Recommendations on RBC transfusion support in children with hematologic and oncologic diagnoses from the pediatric critical care transfusion and anemia expertise initiative

Marie E. Steiner, Nicole D. Zantek, Simon J. Stanworth, Robert I. Parker, Stacey L. Valentine, Leslie E. Lehmann, Cassandra D. Josephson, Scot T. Bateman, Naomi L.C. Luban

Research output: Contribution to journalArticlepeer-review

8 Scopus citations

Abstract

Objectives: To present the recommendations and supporting evidence for RBC transfusions in critically ill children with hema-tologic and oncologic disease jrom the Pediatric Critical Care Transfusion and Anemia Expertise Initiative. Design: Consensus conference series of international, multidisciplinary experts in RBC transfusion management of critically ill children. Methods: The panel of 38 experts developed evidence-based and, when evidence was lacking, expert-based clinical recommendations and research priorities for RBC transfusions in critically ill children. The hematologic/oncologic subgroup included seven experts. Electronic searches were conducted using PubMed, EMBASE, and Cochrane Library databases jrom 1980 to May 2017. Agreement was obtained using the Research and Development/UCLA Appropriateness Method. Results were summarized using the Grading of Recommendations Assessment, Development, and Evaluation method. Results: The hematologic/oncologic subgroup developed 14 recommendations (seven clinical, seven research); all achieved greater than 80% agreement. In patients with sickle cell disease, Transfusion and Anemia Expertise Initiative recommends: 1) RBC transfusion to achieve a target hemoglobin concentration of 10 g/dL rather than hemoglobin of less than 30% prior to surgical procedures requiring general anesthesia and 2) exchange transfusion over simple (nonexchange) transfusion if the child's condition is deteriorating (based on clinical judgment), otherwise a simple, nonexchange RBC transfusion is recommended. There is insufficient evidence to make recommendations on transfusion thresholds for patients with sickle cell disease prior to minor procedures, with acute stroke or with pulmonary hypertension. For patients with oncologic disease or undergoing hematopoietic stem cell transplant, a hemoglobin concentration of 7-8 g/dL is recommended. Due to lack of evidence, research is needed to clarify the appropriate transfusion thresholds in these patients. Conclusions: Transfusion and Anemia Expertise Initiative developed specific pediatric recommendations regarding RBC transfusion management in critically ill children with sickle cell disease, oncologic disease, and hematopoietic stem cell transplant and recommendations to help guide future research priorities.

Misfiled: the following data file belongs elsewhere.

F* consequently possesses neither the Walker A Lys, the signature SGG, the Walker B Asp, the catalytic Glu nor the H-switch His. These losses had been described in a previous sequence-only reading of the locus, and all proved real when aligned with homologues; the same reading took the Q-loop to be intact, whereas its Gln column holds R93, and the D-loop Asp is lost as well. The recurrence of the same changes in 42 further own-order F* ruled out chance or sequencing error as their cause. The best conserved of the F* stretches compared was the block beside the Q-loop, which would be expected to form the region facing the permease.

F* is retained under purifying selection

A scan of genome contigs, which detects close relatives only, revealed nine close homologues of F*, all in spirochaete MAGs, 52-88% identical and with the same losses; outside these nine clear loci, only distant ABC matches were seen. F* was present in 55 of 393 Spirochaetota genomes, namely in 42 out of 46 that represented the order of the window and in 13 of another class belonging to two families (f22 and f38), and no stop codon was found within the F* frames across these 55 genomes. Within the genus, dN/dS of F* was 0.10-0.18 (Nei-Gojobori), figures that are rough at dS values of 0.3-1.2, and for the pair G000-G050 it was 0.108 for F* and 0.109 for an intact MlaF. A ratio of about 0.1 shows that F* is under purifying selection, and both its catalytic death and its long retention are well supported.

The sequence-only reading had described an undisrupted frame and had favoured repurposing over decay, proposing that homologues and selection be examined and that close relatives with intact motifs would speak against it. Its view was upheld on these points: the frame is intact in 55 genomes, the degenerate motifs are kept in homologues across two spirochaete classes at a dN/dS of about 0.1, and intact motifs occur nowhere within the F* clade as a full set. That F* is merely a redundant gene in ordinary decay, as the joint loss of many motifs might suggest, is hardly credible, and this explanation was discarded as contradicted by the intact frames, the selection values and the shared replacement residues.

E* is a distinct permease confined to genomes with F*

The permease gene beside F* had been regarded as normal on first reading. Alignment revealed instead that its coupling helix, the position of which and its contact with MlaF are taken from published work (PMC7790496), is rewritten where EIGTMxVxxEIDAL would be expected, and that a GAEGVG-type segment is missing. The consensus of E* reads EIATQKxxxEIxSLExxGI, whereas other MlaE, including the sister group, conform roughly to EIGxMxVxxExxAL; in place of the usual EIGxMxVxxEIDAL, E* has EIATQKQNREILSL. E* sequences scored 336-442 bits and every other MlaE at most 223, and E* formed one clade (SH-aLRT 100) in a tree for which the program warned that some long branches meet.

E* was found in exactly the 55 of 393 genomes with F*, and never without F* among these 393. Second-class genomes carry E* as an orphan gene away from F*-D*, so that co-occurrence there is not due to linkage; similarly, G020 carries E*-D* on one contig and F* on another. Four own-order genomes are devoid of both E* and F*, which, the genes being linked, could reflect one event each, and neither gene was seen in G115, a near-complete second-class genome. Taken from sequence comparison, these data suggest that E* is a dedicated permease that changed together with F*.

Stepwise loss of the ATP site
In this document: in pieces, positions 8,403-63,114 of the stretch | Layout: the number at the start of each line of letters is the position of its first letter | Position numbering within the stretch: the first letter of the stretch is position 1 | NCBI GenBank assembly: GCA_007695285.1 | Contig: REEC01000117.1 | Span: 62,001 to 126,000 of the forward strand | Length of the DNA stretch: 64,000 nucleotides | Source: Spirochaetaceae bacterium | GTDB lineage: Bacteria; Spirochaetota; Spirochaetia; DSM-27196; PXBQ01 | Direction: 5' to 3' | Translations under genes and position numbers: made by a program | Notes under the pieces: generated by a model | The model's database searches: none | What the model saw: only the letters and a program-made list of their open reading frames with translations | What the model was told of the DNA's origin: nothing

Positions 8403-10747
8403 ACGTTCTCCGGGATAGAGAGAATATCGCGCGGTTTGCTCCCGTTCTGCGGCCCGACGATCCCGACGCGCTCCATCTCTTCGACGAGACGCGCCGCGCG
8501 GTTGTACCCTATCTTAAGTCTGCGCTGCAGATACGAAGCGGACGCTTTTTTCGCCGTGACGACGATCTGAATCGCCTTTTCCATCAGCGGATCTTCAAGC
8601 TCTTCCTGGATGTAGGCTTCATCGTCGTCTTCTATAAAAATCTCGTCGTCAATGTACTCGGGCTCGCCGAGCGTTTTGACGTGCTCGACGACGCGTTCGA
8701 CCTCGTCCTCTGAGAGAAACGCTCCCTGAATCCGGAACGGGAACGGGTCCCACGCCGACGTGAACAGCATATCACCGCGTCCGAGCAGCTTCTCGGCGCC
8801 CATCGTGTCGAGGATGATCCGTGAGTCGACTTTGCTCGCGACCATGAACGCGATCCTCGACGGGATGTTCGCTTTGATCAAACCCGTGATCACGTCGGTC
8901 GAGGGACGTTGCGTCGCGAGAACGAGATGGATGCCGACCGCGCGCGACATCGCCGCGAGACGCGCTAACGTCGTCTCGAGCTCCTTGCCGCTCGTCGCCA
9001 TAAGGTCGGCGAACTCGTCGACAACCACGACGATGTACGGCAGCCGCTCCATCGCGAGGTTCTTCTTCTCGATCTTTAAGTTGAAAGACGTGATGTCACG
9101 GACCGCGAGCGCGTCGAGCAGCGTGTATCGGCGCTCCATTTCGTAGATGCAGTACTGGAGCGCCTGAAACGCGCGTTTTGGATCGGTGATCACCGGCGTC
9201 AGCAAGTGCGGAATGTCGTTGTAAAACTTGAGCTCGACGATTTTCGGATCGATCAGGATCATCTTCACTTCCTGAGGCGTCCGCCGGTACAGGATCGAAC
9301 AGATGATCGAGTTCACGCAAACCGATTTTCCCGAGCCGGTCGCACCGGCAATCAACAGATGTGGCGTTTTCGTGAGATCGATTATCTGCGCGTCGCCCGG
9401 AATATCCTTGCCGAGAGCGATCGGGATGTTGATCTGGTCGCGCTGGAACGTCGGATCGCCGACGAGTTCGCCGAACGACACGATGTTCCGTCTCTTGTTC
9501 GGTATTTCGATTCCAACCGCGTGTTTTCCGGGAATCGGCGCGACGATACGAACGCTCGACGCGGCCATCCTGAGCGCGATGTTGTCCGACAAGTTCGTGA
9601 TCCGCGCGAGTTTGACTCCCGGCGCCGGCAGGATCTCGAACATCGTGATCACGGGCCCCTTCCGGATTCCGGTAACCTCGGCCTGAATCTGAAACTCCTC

Original languageEnglish (US)
Pages (from-to)S149-S156
JournalPediatric Critical Care Medicine
Volume19
Issue number9
DOIs
StatePublished - 2018

Bibliographical note

Funding Information: